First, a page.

GS: That's a great question, actually. A big part of it came from my philosophy about creating villains, which is tied in with some ennui I have about modern villains in comics. The constant thread of death...it's sort of tiresome after awhile, particularly when we know these dead characters are likely to come back some day. But the way death is sold, and made into an 'event,' I just find it unimaginative. I am not talking about the new Fantastic Four, by the way, Jonathan Hickman is one of the few writers I trust absolutely to put a new spin on such a thing. But in general, it's just this required bit of nonsense to give the latest crossover a bit of gravitas...it's silly. So I like my villains to be interested in something OTHER than just the death of the hero. Because baby, there are SO many things that are worse than death. And if you add in metahuman possibilities, then there are likely to be things that make death seem like a wonderful picnic. Mortis can get into your mind and see what makes you ashamed, what makes you despair. She knows the bits of your soul that you will never tell anyone. And she crushes it. And most people can't handle that.
She's like the Galactus and your soul is the planet he wants to eat. [Emphasis ours]
CV: I am a big fan of having Hank Hall on the Birds of Prey, but I admit a lot of people found it unconventional. It is also interesting to see him as this sort of reckless, hard headed character that has no problem disobeying orders (which we saw in issue #8). Why the ultimate decision to have him on the team and will he be sticking around?
GS: It was Geoff Johns' suggestion, as it was his suggestion for me to come back to Birds, bless his little green heart. But the idea captivated me, because I love the b-list and c-list to start with, but more than that, I LOVE the Hawk and Dove concept. I think they more they complicated it, the farther it got from being REALLY effective. And Karl Kesel, famous for working on some of the best Hawk and Dove stories ever, wrote and told me it was time to get past all the chaos/order stuff and go back to the war/peace conflict, so that was exciting. I love Hank, we haven't seen him really flip over all the cards yet, and Helena and Babs are very skeptical of him. Dove fits in oddly well, I think. She's sweet, which none of the other Birds are at all.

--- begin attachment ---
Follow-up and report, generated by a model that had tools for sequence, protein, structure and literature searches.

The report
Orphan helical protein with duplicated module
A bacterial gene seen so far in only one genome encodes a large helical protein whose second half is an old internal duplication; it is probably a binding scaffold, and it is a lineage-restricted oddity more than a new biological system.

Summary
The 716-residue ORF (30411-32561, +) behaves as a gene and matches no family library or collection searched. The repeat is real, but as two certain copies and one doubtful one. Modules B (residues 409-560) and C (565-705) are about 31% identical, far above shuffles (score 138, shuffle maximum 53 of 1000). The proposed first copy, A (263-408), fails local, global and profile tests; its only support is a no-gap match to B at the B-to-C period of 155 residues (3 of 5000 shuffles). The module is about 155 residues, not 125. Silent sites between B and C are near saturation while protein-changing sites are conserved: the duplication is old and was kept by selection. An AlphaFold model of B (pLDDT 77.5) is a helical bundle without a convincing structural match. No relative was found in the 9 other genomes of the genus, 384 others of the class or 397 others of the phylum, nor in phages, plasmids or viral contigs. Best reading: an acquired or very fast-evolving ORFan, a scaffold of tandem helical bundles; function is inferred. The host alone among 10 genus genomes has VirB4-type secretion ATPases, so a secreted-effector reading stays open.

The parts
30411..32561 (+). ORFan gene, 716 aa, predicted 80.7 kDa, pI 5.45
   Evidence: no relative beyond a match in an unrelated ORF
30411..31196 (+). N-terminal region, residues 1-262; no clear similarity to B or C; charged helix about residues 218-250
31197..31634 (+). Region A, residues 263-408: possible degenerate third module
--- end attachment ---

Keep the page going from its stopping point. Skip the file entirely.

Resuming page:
CV: In her character history, Barbara Gordon has been in a wheelchair longer than she could walk. Early last year, DC released the 3 issue mini series ' The Cure,' and most of us thought that by the end of the series, she would be walking. Do you think it was the wrong time to give Barbara back the use of her legs, or do you think it's not something DC is planning for her character?
GS: I do know it was something considered at one point, it comes up every so often. And I was on the fence for a while, I admit it. But the overwhelming majority, I mean by something like fifty to one or more, of people with a disability that read the book and look up to Babs think some pseudo-science fix is a terrible idea.
I have seen dozens of Oracle cosplayers, people who are genuinely in a chair, and Oracle MEANS something to them.
I have a friend I consult with from the Feminists with Disabilities website, and she shared a story with me. She has a four year old nephew that is paralyzed from the waist down. He says he's going to grow up to be, "Mr. Oracle."
She's just one of those characters that means something to people in a way much deeper than most of the two-dimensional, flimsy-as-cardboard ultra-perfect action heroes. [Emphasis ours]
GS: I think she is inspiring to those with physical disabilities, but also to those who have other struggles, as well, people with roadblocks and burdens and abusive pasts and the like. There's a sense that if Babs can pick herself up and fight back from a chair in front of a computer, that we all can, as well, that we can find our Oracle, as odd as that may sound. In a world of comics that are increasingly dismal and value-less and lacking in hope, Oracle is one with a whole raft of wonderful messages; don't give up, don't let anything stop you, don't let despair run your universe. But in the end, I think her best message is simply this--don't screw with the redhead in the tower, because she will freaking DESTROY you. What's not great about that?
Whatever the future holds for Oracle is bound to be entertaining and interesting development for her character- and that is the best that any die-hard fan of her character can hope for. Look for Birds of Prey #9 part 3 of 4 of The Death of Oracle in stores on February 9th, 2011 to find out what's next for the heroine. What do you think 'The Death of Oracle' means, and what do you want to see happen to Barbara Gordon?